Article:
Lent, 2009

My tutor is looking at me. On the board is written:

if ($b != 0) {
echo “La division es: ” . ($a / $b);
} else {
echo “ERROR: No se puede dividir por cero”;

“Emma! Why do I have this condition?” He says to me, in Spanish of course. I roll to the side of my chair. My ribs are hurting.




Oh that shrinking feeling from being fired a maths question by the teacher, the brain flusters, locks….I shift awkwardly in my chair again.

“Whats the matter Emma? You’re not going to give birth in my class are you?”

“No, it’s just that these chairs are crap.” And they are. Rafa keeps looking at me with an expressionless face, waiting for the answer. He has a programmer’s face. He knows the names of obscure mythical dragons. He loves cult movies and random quotes from Blade Runner. I don’t hold that against him. So do I. Now.

“Emma, can I divide a value by zero?”

“ummmm.…No?” I squeak hopefully.

“Exactly, so I have to cover this event in the code with this condition.”

“Hmmm” I’m scratching my tummy. Please, am I the ONLY person in this room who left mathematics behind at 16? The other day as I made a pathetic attempt to find the right symbol on the keyboard using Control or Alt or Fn or Alt Gr or whatever it was, Rafa lost his patience and cried exasperatedly, “God you’re slow Emma!” I retorted that if I was a Jedi Master I wouldn’t be there. Take that!

[“And let’s see you try and survive in the bush, or steer a canoe successfully through rapids on the Whanganui, or find South with the Southern Cross or look after new born lambs or climb Ngauruhoe or, or, or bloody hell you smug computer man!”…I had wanted to add.]

My world is a large ocean of questions with gray answers. Images and ideas that form in my head and ask to be put outside on a surface somewhere. I’m happy living with ambiguity, or the inability to fully explain everything. Here, in the world of programming everything has to end with a true or a false, there is no alternative and if you miss a comma or semi colon, you draw a blank or better still, a big lettered ERROR.

But I like numbers. They form an entirely new way of seeing the world for a painter girl like me. Omar who is from Morrocco, is my class companion and is presently putting a couple of Spanish words into his online translator to see what the hell is going on. He and I are known as the “North Goal”, as named by our tutor. The first time he called us that, I thought he said “North Pole” and was ready to have it out with him then and there. I’m still not sure if it’s not an insult anyway. At least we share the sense of being lost at sea more than a few times every morning.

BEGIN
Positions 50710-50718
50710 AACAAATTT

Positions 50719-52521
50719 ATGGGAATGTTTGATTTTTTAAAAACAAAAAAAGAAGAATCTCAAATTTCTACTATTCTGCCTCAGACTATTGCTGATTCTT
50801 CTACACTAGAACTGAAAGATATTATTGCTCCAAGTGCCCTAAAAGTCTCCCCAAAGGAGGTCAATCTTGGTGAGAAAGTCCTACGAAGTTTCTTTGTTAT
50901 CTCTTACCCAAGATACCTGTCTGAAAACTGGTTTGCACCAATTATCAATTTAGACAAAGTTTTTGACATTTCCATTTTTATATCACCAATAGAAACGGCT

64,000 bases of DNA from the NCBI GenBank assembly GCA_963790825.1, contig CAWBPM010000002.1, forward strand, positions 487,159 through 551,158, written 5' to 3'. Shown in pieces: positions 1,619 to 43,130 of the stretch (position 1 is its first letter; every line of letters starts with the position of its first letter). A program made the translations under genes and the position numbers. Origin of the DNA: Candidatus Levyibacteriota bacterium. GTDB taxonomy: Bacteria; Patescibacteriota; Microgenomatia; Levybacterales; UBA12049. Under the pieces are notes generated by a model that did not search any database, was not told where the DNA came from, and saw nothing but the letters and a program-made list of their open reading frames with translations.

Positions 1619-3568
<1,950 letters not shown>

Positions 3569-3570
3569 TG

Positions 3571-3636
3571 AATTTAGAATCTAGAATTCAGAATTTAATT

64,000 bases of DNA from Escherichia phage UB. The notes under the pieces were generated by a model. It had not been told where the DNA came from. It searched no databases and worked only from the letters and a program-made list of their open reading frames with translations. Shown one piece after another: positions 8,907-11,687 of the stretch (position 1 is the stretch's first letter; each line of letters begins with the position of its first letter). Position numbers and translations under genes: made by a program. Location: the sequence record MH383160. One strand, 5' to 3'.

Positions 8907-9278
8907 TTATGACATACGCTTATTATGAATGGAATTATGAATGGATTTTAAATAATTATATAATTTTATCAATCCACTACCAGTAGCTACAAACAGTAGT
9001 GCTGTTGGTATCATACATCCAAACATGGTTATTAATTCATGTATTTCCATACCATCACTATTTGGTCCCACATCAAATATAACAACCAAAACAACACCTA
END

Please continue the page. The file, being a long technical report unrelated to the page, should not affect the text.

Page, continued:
The other day Omar just started to laugh. Rafa had looked at me for an explanation and I had shrugged a childish “I dunno.” Omar told me later that he was laughing at the absurdity of trying to learn programming from a knowledge base of zero, being an Arabic speaker, with French and still less Spanish, learning to write a code that used arbitrary English words in an entirely new syntax of commas and brackets AND trying to remember his maths. Madness.

Madness it is, but there is still painting being squeezed into my days somewhere here and there just to keep me sane. This weekend is reserved as a painting sanctuary, though I have to keep the windows open, wear gloves and take regular breaks. My tummy is swelling like a melon and adds daily to my Programming teacher’s unease every time I jump in my seat with an awkward internal kick.

“Don’t worry Rafa, I won’t be sending you out for boiling water and towels.” He’s already told me I’m adding to the overpopulation of the planet. No turning back now Rafael: [for ($numero = 1; $numero <= infinity; $numero++)].

Speaking of counting, Lent officially started on Wednesday. It comes with a lift in spirits, and in temperature, for Spring is coming. It reminded me wistfully of this time last year. I was starting my Lent project that consisted in visiting the Taupo volcanic plateau via webcam every day for the forty days and collecting data for a series of paintings. This year the reflection is closer to home, and the project somewhat different. The baby is due at Easter.

The thing about being pregnant is the universality of it. Omar grins at my tummy everyday and asks if the baby is kicking. The other day on my daily commute, as glazed eyed people failed to notice me clutching the handrails above, an elderly man called out in a husky voice, “A pregnant woman is on her feet, someone give up a seat!”

Late one night going home after giving a class I was stretching my back out when an elderly woman opposite me leaned forward and said,

“It gets hard at this time of the day doesn’t it daughter?”

I smile and nod.

“And your legs get a bit swollen too.”

You betcha.

“Not long now,” she says with a smile, “Not long now.”

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